me too
Property Casualty

Don’t Let #MeToo Become #YouToo

Megan Carpenter
Megan Carpenter
Claims Consultant, PC

Harvey Weinstein, James Rosen, James Franco, Donald Trump…the headlines are constantly alerting the public of the new alleged perpetrators within the “Me Too” movement. With this type of public attention on claims of discrimination and violation of public rights, employers’ exposure to lawsuits have increased over the course of a couple years. Therefore, the need for Employment Practices Liability Insurance (EPLI) is even more critical to control possible exponential costs and negative outcomes. Even if an employer thinks they have all gold-star employees, these claims can arise from past employees or applicants as well.

What makes these claims even more difficult (despite the costs and legal defense needs) is understanding the process and regulatory bodies, such as the Equal Employment Opportunity Commission (EEOC). Every state is different, but in most states, a claimant must go through the EEOC first before they can file a claim of discrimination against their employer. When it comes to admissible claims, there are 12 different areas of discrimination: age, disability, equal pay/compensation, genetic information, harassment, national origin, pregnancy, race/color, religion, retaliation, sex, and sexual harassment.

When a charge is filed, the EEOC will notify the organization. From there, the company will receive access to the EEOC’s Respondent Portal to view the charge and receive messages about the charge investigation. The EEOC will issue a ruling if the case is not settled in the interim. The ruling will determine whether the case is valid, and a lawsuit can be pursued.

So, when are you liable? It depends. When it comes to sexual harassment claims, which were about a third of all workplace discrimination claims in 2017, a company is vicariously liable if the harassment is done by a supervisor or other manager. Training management and having a good prevention program in place is critical because the manager’s actions are attributed directly to the company due to their status. A potential saving grace for a company is the Faragher-Ellerth Defense, which means there is credible evidence which rules out criminal or civil liability. Even if the company is technically liable, they may avoid being held responsible. The employer must credibly establish the following three facts:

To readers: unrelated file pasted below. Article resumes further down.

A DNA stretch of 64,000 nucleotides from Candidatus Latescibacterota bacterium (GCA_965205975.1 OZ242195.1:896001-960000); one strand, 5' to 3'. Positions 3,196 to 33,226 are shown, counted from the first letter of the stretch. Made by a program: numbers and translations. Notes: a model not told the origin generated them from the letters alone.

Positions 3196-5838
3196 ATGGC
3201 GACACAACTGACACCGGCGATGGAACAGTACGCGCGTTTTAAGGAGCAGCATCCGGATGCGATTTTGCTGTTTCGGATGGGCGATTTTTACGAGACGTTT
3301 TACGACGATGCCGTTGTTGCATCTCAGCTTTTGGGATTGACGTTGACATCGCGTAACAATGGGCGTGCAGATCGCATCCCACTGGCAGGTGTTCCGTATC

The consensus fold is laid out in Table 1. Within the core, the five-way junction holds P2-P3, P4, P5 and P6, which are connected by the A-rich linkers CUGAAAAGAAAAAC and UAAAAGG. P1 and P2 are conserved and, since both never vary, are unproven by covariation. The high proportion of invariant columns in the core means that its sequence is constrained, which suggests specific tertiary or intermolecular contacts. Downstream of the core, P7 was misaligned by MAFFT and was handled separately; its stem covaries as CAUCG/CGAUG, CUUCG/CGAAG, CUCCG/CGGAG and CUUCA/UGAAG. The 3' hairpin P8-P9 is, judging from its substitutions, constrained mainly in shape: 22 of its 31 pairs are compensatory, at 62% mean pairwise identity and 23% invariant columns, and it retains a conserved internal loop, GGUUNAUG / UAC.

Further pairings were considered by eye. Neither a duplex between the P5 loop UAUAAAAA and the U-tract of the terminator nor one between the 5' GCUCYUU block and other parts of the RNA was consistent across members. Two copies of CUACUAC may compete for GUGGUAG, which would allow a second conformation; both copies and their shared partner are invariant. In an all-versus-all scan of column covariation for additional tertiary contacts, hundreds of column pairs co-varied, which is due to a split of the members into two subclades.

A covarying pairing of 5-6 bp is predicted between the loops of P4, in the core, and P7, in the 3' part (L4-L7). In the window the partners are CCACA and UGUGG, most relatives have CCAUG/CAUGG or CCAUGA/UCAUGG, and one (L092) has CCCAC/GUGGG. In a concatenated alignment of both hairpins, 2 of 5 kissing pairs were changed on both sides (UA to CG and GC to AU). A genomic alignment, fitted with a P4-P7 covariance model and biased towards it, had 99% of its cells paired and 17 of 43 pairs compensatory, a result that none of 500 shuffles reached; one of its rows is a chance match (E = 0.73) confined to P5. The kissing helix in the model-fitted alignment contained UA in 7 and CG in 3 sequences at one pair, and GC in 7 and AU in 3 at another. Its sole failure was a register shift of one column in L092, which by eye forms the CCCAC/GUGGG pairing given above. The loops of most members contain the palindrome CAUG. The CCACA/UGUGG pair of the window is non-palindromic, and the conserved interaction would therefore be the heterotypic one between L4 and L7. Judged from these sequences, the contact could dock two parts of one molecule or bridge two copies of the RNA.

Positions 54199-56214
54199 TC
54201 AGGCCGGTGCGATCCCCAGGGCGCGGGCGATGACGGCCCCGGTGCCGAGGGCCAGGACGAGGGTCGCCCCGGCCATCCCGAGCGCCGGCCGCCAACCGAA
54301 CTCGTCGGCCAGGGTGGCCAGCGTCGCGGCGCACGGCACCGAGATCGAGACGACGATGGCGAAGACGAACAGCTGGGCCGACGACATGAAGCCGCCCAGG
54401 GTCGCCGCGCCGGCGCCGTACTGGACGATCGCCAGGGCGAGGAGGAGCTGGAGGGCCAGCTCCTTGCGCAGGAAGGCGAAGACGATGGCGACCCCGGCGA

1. The employer did not take any retaliatory action (fired, demoted, or otherwise punished for using the legal system) against the plaintiff.
  2. The employer used reasonable care to prevent this kind of behavior and tried to correct the behavior promptly after learning about it.
  3. The plaintiff did not take advantage of the preventive or corrective measures offered by the employer.

It is important to note that employers can still be liable for harassment due to third parties and non-supervisor employees if management knew or should have known about harassment and failed to act. It should be common practice that managers report potential exposures and not keep things secret.

Awareness of sexual harassment in the workplace has spiked since the “Me Too” movement went viral in 2017. While most known cases were in the media and entertainment industries, sexual harassment is possible in all workplaces. Sexual harassment claims can be costly—the EEOC collected nearly $70 million for victims of sexual harassment in 2018. A company with a history or repeated complaints can also experience an increase in turnover and absences.

So, what can you do to decrease and handle sexual harassment in the workplace? You should have a set policy for employees that explains how to report a complaint. The goal is to encourage employees to report incidents by showing how serious you take the claims. Assure employees that you will follow through on all complaints. As a result, the policy should:

  • Define harassment
  • State who to report a complaint to
  • Explain how the complaint will be investigated — you want to investigate promptly and thoroughly, and be transparent on if you will maintain confidentiality
  • Set consequences for violations
  • Protect the reporting employee against retaliation

Other best practices for handling harassment in the workplace can be updating executive agreements and hiring processes, reviewing past claims during mergers and acquisitions, and increasing bystander intervention trainings for all employees.

Beyond proactive best practices, a reactive resource for your company is an EPLI policy. Sexual harassment is defined as a wrongful employment practice and, therefore, covered by an EPLI policy. It is still important to pay attention to bodily injury exclusions, coverage being voided if someone knew about the harassment, and more. With increased reports of sexual harassment and the high cost associated with these claims, all employers should consider how they are, or aren’t, covered for sexual harassment cases.

Please feel free to reach out to your Holmes Murphy team if you have further questions or concerns on this matter. We are here as your risk management partner!

Additionally, don’t miss out on our November 19 webinar where we’ll be talking about this item specifically. To read more and sign up, click here.

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